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How to test HDMI and MHL interfaces

Posted: 18 Mar 2013 ?? ?Print Version ?Bookmark and Share

Keywords:high-definition multimedia interface? mobile high-definition link? 3D video?

With the introduction of LTE, additional video services will become available. There are plans to introduce not just reliable high-definition video telephony, but also Internet-streamed video on demand (VOD), and TV-like enhanced multimedia broadcast multi-cast services (eMBMS).

During development and quality assurance, the ability of multimedia-ready mobile equipment to support these video services is assessed in application tests under deliberately degraded conditions. In the test lab, various types of interference are applied to the simulated transmission path between the base station and the mobile device that are likely to occur during real-life use. The tests simulate RF interference, apply noise to the signal, and simulate IP faults like packet loss and packet delay.

The actual application tests then detect the types of picture errors that typically result from transmission errors. Examples of the kinds of problems that arise include blocking, freezing and even the loss of whole pictures in a sequence.

A typical setup for an application test like this might consist of a base station simulator such as the Rohde & Schwarz CMW500 and an Rohde & Schwarz VTE video tester. The base station simulator sets up a valid LTE connection and makes the audio/video data available for download through its built-in media server. An optional fading simulator also allows RF interference to be added. The smartphone decodes the data it receives and outputs the pictures on its display or plays the audio over its speakers. The audiovisual data is transmitted without loss or external impacts over the phone's HDMI or MHL port to the video analyser, where it can be reviewed.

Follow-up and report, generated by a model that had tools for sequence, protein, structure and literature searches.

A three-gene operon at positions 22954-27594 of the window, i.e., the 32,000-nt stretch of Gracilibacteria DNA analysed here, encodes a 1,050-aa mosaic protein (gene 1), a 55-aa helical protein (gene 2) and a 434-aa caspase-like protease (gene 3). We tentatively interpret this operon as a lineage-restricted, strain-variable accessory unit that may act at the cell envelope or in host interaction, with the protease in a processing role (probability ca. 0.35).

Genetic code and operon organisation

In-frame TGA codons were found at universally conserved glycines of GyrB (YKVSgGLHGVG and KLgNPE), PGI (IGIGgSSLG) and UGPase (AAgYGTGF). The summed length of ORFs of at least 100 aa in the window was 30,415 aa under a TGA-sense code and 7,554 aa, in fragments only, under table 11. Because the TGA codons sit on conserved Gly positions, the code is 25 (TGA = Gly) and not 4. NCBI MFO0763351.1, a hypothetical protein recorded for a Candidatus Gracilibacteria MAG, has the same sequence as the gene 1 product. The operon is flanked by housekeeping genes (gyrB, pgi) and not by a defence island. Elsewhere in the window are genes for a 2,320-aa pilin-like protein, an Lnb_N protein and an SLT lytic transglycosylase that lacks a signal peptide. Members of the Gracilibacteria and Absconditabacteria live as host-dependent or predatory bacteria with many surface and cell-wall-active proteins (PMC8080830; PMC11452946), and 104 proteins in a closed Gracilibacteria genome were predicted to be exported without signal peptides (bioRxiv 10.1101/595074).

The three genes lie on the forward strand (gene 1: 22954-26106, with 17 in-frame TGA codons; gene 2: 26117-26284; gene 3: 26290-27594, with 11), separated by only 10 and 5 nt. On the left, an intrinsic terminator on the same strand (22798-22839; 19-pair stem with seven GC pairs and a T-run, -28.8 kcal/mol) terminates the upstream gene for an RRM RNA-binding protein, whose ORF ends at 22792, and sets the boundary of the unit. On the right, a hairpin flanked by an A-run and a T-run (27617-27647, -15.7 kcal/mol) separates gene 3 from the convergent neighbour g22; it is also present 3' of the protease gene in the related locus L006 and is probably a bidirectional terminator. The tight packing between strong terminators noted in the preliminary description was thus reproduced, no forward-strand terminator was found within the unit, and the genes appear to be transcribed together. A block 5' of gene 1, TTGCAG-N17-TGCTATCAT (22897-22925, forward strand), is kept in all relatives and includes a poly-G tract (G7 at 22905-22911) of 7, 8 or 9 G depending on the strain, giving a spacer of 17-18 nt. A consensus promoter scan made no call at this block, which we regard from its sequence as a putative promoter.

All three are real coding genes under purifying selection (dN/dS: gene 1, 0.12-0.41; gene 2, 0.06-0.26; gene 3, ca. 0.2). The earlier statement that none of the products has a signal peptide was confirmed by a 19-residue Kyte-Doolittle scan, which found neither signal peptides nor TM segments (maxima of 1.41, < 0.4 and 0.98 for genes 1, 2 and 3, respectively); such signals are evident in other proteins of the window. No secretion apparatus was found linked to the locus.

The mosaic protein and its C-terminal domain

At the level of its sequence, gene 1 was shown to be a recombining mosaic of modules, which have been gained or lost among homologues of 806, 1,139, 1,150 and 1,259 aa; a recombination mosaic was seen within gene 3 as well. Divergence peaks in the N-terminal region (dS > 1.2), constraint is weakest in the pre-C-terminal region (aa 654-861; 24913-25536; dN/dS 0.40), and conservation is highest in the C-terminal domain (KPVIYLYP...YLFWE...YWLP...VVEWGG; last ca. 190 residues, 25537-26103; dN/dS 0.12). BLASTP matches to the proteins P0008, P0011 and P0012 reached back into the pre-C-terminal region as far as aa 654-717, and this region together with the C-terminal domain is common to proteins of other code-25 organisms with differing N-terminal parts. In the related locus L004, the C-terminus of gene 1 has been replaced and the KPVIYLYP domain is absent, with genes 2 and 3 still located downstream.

The transmission errors simulated cause picture errors. To record interference in reproducible form, T&M labs use image difference algorithms. These algorithms compare, in real time, an ideal reference against the image sequence being tested.

The difference between the images is then computed, both graphically and numerically. Figure 4shows the T&M interface for image difference analysis on the Rohde & Schwarz (R&S )VTE. Support for common industry metrics such as peak signal-to-noise ratio (PSNR) and structural similarity (SSIM) means that image evaluations are reproducible and can be automated.

Figure 4: Image difference analysis detects and analyses picture errors according to the relevant metric. (CTS).

The PSNR and SSIM are computed for individual images. However, to assess the visibility of errors occurring in moving images, time masking effects can be considered by setting thresholds. This means that visible errors in a moving sequence can serve as a trigger. To ensure that the AV interfaces and video processing in multimedia devices functions flawlessly, video content and protocols must be tested at every stage. Reproducible and conclusive test results are best achieved with T&M instruments that can be upgraded to support future applications.

The R&S VTC video test centre, R&S VTE video tester and R&S VTS compact video tester as are touted as capable of conducting the kinds of interoperability and application tests required during the development, quality assurance and manufacturing of multimedia devices with AV interfaces. Their modular hardware and software designs also mean they are capable of being expanded to support new interface standards as these emerge.

About the author
Harald Gsoedl is product manager at Rohde & Schwarz.

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